NEWS 2020

Allometric relationships between leaf and bulb traits of Fritillaria przewalskii Maxim. grown at different altitudes

Ruili MA1,2, Shengrong XU1,2, Yuan CHEN2, Fengxia GUO2, Rui WU2
PLoSONE 15(10):e0239427 (2020)

1Qinghai University Medical College, Qinghai Provincial Key Laboratory of Traditional Chinese Medicine Research for Glucolipid Metabolic Diseases, Xi0ning, China
2College of Agronomy, Gansu Provincial Key Laboratory of Aridland Crop Science, Gansu Key Laboratory of Crop Genetic & Germplasm Enhancement, Gansu Provincial Key Lab of Good Agricultural Production for Traditional Chinese Medicines, Gansu Provincial Engineering Research Centre for Medical Plant Cultivation and Breeding, College of Life Science and Technology, Gansu Agricultural University, Lanzhou, China

Ma et al. 2019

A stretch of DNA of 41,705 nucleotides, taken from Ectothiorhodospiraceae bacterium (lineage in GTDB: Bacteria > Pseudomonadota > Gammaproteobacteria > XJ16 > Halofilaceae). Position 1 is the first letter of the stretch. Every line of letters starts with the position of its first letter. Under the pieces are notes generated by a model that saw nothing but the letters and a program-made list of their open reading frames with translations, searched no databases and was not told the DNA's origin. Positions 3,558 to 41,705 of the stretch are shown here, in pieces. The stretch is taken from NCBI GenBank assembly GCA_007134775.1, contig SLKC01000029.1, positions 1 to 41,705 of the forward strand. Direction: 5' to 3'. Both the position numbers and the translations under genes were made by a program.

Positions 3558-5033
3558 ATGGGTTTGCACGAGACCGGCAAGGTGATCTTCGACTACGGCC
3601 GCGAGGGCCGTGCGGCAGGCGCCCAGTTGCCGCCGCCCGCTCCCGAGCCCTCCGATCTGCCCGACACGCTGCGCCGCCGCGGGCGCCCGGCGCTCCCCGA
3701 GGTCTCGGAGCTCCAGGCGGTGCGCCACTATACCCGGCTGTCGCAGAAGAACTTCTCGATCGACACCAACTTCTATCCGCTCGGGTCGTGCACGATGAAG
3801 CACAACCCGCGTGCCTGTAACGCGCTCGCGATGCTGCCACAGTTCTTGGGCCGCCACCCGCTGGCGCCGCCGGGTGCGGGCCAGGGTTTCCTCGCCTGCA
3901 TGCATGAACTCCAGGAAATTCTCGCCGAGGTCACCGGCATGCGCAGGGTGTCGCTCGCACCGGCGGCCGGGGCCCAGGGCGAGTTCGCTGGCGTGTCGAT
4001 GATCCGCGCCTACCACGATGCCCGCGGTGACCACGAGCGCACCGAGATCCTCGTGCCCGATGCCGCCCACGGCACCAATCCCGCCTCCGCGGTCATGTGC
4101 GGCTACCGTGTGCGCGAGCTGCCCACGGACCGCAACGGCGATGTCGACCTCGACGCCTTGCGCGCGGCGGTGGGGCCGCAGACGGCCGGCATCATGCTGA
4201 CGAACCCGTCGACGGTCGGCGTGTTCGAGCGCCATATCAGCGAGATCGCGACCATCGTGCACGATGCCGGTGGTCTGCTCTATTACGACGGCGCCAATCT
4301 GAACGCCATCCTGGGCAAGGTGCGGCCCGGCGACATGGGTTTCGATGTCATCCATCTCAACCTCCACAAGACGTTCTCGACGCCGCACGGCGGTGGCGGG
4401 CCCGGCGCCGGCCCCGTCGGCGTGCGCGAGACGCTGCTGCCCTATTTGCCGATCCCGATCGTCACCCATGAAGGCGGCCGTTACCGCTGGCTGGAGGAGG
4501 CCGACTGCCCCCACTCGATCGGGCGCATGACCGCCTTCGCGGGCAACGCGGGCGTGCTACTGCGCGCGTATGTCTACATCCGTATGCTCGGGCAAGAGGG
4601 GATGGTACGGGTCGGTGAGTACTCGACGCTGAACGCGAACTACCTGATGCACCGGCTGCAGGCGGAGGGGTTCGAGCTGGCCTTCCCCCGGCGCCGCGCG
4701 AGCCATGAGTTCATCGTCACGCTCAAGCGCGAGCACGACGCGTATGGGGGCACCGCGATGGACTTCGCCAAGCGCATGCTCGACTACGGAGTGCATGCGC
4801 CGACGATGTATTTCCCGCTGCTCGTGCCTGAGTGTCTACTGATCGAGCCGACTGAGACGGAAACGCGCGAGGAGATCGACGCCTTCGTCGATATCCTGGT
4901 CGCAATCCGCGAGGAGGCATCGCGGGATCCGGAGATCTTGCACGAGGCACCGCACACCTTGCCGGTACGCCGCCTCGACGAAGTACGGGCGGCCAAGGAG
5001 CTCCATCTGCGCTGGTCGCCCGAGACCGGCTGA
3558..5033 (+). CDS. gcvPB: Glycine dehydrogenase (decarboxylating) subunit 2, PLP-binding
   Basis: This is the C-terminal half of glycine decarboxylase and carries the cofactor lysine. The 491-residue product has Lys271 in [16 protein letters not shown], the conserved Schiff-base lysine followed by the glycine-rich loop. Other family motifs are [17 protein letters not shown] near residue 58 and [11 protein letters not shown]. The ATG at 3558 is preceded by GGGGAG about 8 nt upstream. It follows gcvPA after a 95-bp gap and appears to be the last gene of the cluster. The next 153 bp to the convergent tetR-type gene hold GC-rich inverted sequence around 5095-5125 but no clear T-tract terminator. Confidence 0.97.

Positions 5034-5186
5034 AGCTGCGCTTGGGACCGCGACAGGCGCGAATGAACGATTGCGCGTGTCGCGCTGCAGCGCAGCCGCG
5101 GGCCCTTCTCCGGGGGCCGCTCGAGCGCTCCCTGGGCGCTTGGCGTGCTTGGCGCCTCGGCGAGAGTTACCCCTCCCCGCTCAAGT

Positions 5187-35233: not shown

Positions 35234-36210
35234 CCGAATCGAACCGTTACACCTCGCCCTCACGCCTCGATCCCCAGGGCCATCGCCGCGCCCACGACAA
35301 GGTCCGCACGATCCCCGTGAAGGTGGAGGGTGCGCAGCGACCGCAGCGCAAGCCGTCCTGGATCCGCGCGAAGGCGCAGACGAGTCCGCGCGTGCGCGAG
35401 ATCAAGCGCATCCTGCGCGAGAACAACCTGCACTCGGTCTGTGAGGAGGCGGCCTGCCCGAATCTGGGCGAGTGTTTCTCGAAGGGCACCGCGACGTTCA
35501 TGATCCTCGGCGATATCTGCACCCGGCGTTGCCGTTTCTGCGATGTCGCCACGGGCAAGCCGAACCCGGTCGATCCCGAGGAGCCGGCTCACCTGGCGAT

Plants adapt to high altitudes by adjusting the characteristics of their above and underground organs. Identifying the species-specific plant traits changed in response to altitude is essential for understanding ecophysiological processes at the ecosystem level. Multiple studies analyzed the effects of altitude on above and underground organ traits in different species. Yet, little is known about those responses in the alpine Fritillaria przewalskii Maxim. (Liliaceae). F. przewalskii is a perennial medicinal plant with meager annual growth and vanishing wild populations. We analyzed leaf and bulb functional traits, and their allometric relationships in F. przewalskii plants grown at three altitudes: 3000, 2700, and 2400 m. Leaf thickness, leaf biomass, leaf biomass allocation, and the aboveground:underground ratio increased significantly with increasing altitude. Conversely, bulb allocation decreased at higher altitudes. The altitude influenced the allometric growth trajectories of specific leaf and bulb traits: higher altitudes led to thicker and broader leaves and changed the shape of the bulbs from more circular, which is ideal (at 2700 m), to more elongated (at 3000 m). Those variations had remarkable ecological significance. Hence, bulb biomass is the largest at 2700 m of altitude for which their vertical and longitudinal ratio is unaffected. which is economically favorable. Our findings show that F. przewalskii has a notable potential of growth and morphological plasticity along the altitude gradient and that 2700 m might be ideal for developing its artificial cultivation.

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